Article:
We all gravitate toward it in some way and some are better at staying closer to it than others.

In this sense I think it is reasonably clear that the structure of monotheism is based on this. It is a conceptual point where potential peaks. Kind of ironical that the very idea of "structuring" something around something that is half opposed to structure was attempted. In this sense I have started to view polytheism as being more manageable and easier to understand for the average day-to-day folk of the world. Especially manageable as these polytheistic views can not be taken on into some kind of totalitarianism ("absolutism"), and remain merely a fragment of the greater hierarchy of human life. Monotheism in this sense is much more likely to fall into ideologies and closed-mindedness because the "god" is unanswerable and unquestionable. In the polytheistic structure the "gods" (as concepts are seen as concepts rather than just representations of some imagined being) and they are answerable to each other and to mankind.

So, simply put, the definition of "divinity" for me is simply the exposure of potential. The 'good' or the 'evil' that comes about because of this another thing entirely. The popular ying-yang concept pretty much embodies this as well as anything else. The point of potential lies neither soley in chaos nor in order. It lies right on the demarcation of the two and that is why it is so powerful.
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Re: What is godness?

Post Number:#5  Postby Dark Matter » October 29th, 2017, 2:53 pm

"Only do we know God truly when we believe Him to be above everything that it is possible for man to think about Him."

This makes the OP meaningless.
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Re: What is godness?

Post Number:#6  Postby Count Lucanor » October 29th, 2017, 4:52 pm

Burning ghost wrote:Simply put, the concept of "god" (at least for me) exists when I am at a point of flourishing and somewhat unstable. It is the place between where anything and everything can grow, and where everything can wither and die.

We all gravitate toward it in some way and some are better at staying closer to it than others.

...It is a conceptual point where potential peaks.

...So, simply put, the definition of "divinity" for me is simply the exposure of potential. The 'good' or the 'evil' that comes about because of this another thing entirely. The popular ying-yang concept pretty much embodies this as well as anything else. The point of potential lies neither soley in chaos nor in order. It lies right on the demarcation of the two and that is why it is so powerful.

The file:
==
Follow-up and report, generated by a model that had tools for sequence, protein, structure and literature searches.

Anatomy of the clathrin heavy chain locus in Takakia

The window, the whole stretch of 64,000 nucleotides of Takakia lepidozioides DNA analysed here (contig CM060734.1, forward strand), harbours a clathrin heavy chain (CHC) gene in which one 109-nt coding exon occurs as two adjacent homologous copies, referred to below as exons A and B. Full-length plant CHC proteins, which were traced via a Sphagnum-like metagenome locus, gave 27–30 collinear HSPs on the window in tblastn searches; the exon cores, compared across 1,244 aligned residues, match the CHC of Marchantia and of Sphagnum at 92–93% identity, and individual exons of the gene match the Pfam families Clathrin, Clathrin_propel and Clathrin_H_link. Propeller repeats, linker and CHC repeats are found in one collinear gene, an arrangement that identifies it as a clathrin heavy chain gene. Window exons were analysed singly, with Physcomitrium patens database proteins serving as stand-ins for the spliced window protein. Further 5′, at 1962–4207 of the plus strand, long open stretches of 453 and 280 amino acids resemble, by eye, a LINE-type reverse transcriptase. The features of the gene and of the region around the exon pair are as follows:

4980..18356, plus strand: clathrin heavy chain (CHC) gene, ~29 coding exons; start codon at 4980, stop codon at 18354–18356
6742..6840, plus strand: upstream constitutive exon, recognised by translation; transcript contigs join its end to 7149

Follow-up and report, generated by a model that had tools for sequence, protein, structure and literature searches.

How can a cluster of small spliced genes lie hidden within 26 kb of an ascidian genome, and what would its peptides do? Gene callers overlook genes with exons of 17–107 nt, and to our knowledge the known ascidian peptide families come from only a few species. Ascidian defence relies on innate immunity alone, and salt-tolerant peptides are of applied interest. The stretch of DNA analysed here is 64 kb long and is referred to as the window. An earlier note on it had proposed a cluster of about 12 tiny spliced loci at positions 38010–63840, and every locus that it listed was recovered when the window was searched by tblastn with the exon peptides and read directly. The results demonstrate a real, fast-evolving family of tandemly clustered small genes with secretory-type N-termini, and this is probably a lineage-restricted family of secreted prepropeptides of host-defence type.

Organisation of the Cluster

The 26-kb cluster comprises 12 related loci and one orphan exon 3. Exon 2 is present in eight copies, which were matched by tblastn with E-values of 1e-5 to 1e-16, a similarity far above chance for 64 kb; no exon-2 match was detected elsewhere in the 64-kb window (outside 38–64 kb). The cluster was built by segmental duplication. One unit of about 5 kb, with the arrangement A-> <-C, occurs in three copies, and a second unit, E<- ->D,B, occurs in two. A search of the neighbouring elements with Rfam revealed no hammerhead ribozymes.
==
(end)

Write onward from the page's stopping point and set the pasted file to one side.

If I understood well, for you godness entails an unstable potential condition of flourishing. Since everything can be something that it is not, everything participates of this divine condition and there's no singular entity that appropriates for itself this condition.

Burning ghost wrote:In this sense I think it is reasonably clear that the structure of monotheism is based on this.

I don't see how, with the criteria you exposed above. According to your criteria, all singular gods of monotheism or polytheism could not be appropriately called "gods", but something else, given that under these conceptions some entities monopolize the divine properties and exclude everyone else. Actually, if we follow your view, any form of theism would not point at godness.

Burning ghost wrote:Kind of ironical that the very idea of "structuring" something around something that is half opposed to structure was attempted. In this sense I have started to view polytheism as being more manageable and easier to understand for the average day-to-day folk of the world. Especially manageable as these polytheistic views can not be taken on into some kind of totalitarianism ("absolutism"), and remain merely a fragment of the greater hierarchy of human life. Monotheism in this sense is much more likely to fall into ideologies and closed-mindedness because the "god" is unanswerable and unquestionable. In the polytheistic structure the "gods" (as concepts are seen as concepts rather than just representations of some imagined being) and they are answerable to each other and to mankind.

As we can see, you're acknowledging that monotheism and polytheism have some conceptions of godness, but your definition of godness exclude them. That leaves us with just one possibility: that theirs is a misconception of godness. To fulfill the purpose of this forum, the question would be: why yours and not theirs?
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Re: What is godness?

Post Number:#7  Postby Spectrum » October 29th, 2017, 9:19 pm

Count Lucanor wrote:In general, yes, although I would like to raise some doubts on any theoretical scheme that takes this notion of one supreme being as a culmination, because in practice, religions have evolved incorporating these ideas, but they have turned out to be more diverse and syncretic than what is officially acknowledged by their faithful.

Monotheism indeed appears to be the ruling religious ideology in the world these days, most likely because of the influence of what is called "Western society", but there are many religions still around which do not adhere to these conceptions, and among monotheists themselves there's a lot of variety.